With the onset of the COVID-19 pandemic and the associated infection containment efforts, consumer behavior changed significantly. Individuals and families purchased and maintain higher levels of personal inventory, particularly food, personal care and consumable items. Brand preferences became secondary to the purchase imperative; consumers purchased whatever was available and they broadly substituted by brand, product, and size. Online purchases increased in volume, frequency, and variety.
While some behaviors such as hoarding were specific to the pandemic’s onset, many of these changed consumer behaviors are likely to become the “new retail normal” due to prolonged pandemic containment measures, closure and bankruptcy of some suppliers and retailers, and the “stickiness” of acquired shopping habits and patterns.
Pandemic and Post-Pandemic Retail Supply Chain Challenges
Retailers’ supply chains must continue to focus on the priorities of “right product, right place, right time” in this new retail normal. Achieving these priorities in the shadow of COVID-19 is complicated by new and heightened challenges. Retailer supply networks will continue to undergo sudden permanent restructuring due to bankrupted retailers and bankrupted suppliers. Many survivors face cash flow challenges due to decreased demand and increased inventory, depending on their sector.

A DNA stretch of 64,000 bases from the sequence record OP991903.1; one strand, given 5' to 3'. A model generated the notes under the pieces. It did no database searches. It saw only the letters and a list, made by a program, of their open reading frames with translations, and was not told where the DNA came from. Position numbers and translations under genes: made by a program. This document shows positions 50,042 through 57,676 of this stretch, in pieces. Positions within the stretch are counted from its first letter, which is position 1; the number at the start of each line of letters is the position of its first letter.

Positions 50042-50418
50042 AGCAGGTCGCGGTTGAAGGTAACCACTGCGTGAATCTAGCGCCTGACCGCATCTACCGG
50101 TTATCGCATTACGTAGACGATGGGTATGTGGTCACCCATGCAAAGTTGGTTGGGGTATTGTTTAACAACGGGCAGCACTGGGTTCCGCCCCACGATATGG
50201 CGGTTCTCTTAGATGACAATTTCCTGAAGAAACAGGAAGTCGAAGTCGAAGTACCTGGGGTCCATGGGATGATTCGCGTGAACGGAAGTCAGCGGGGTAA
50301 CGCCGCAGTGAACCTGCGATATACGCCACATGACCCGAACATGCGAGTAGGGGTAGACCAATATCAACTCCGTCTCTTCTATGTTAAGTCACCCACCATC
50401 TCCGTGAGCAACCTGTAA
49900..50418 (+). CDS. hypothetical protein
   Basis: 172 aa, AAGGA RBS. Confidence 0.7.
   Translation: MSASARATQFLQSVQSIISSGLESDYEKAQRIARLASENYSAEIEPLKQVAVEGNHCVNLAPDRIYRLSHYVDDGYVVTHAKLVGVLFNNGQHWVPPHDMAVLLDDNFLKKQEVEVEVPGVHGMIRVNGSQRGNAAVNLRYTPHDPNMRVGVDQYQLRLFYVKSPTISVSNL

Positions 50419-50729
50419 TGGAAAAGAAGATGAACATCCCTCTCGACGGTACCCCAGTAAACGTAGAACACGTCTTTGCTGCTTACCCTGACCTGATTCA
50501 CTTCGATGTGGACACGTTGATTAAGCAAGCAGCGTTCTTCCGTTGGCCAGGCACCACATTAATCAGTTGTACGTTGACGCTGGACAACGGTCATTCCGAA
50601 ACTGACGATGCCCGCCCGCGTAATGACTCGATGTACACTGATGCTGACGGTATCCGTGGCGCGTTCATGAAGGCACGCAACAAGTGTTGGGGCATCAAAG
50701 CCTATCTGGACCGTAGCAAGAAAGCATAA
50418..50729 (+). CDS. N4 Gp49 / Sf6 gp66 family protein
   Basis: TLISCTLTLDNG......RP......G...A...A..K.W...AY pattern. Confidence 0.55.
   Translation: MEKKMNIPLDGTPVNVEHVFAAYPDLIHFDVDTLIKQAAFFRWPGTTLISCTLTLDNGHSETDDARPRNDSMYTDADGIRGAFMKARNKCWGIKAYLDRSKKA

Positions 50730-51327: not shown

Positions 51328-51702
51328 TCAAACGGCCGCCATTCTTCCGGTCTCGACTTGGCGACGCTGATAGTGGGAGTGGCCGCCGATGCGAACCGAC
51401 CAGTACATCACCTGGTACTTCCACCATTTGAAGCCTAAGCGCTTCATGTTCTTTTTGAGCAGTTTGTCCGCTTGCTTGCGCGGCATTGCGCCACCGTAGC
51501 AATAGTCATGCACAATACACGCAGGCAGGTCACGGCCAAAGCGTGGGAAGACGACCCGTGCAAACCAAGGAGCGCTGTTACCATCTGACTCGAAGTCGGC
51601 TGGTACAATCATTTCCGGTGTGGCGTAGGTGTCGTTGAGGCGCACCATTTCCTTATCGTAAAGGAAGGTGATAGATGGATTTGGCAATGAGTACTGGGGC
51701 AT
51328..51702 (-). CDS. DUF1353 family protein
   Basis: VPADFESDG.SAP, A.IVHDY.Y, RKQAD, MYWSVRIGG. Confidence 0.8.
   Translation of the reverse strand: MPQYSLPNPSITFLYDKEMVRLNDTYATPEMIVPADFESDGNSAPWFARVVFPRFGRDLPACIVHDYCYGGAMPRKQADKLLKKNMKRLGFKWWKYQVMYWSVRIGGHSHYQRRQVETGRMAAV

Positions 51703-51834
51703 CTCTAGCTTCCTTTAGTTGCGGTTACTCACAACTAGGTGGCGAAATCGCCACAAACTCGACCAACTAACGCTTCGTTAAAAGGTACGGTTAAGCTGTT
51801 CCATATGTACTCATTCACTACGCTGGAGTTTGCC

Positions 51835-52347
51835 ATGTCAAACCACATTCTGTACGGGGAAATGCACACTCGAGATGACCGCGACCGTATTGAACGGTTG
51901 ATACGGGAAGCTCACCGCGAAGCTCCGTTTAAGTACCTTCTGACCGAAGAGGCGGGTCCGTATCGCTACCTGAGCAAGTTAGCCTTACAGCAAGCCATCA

Most important, customer behaviors have changed. The shift to e-commerce, already well-underway, is understood; many suppliers can largely adapt by shifting supply to online retailers. More difficult for suppliers and retailers will be adapting to changes in customer preferences and purchase substitution decisions. Given retailers’ pandemic supply challenges, consumers have been forced to buy products different from their normal preferences, purchasing whatever is available with less regard to their brand preferences. As a result, some consumers will develop new brand and product preferences, or at least decide that their current preferences have less importance. The likelihood that buyers return to pre-pandemic preferences decreases the longer retailers and suppliers struggle with out-of-stocks.
Retailers’ Demand-Planning Considerations
Most retailers rely on sophisticated forecasting and demand-planning systems. These systems leverage historical data, finely tuned input parameters and analytical models to meet the retail priorities of “right product, right place, right time.” In the new retail normal, however, demand planning requires specific considerations for historical data, forecast models, and planning parameters.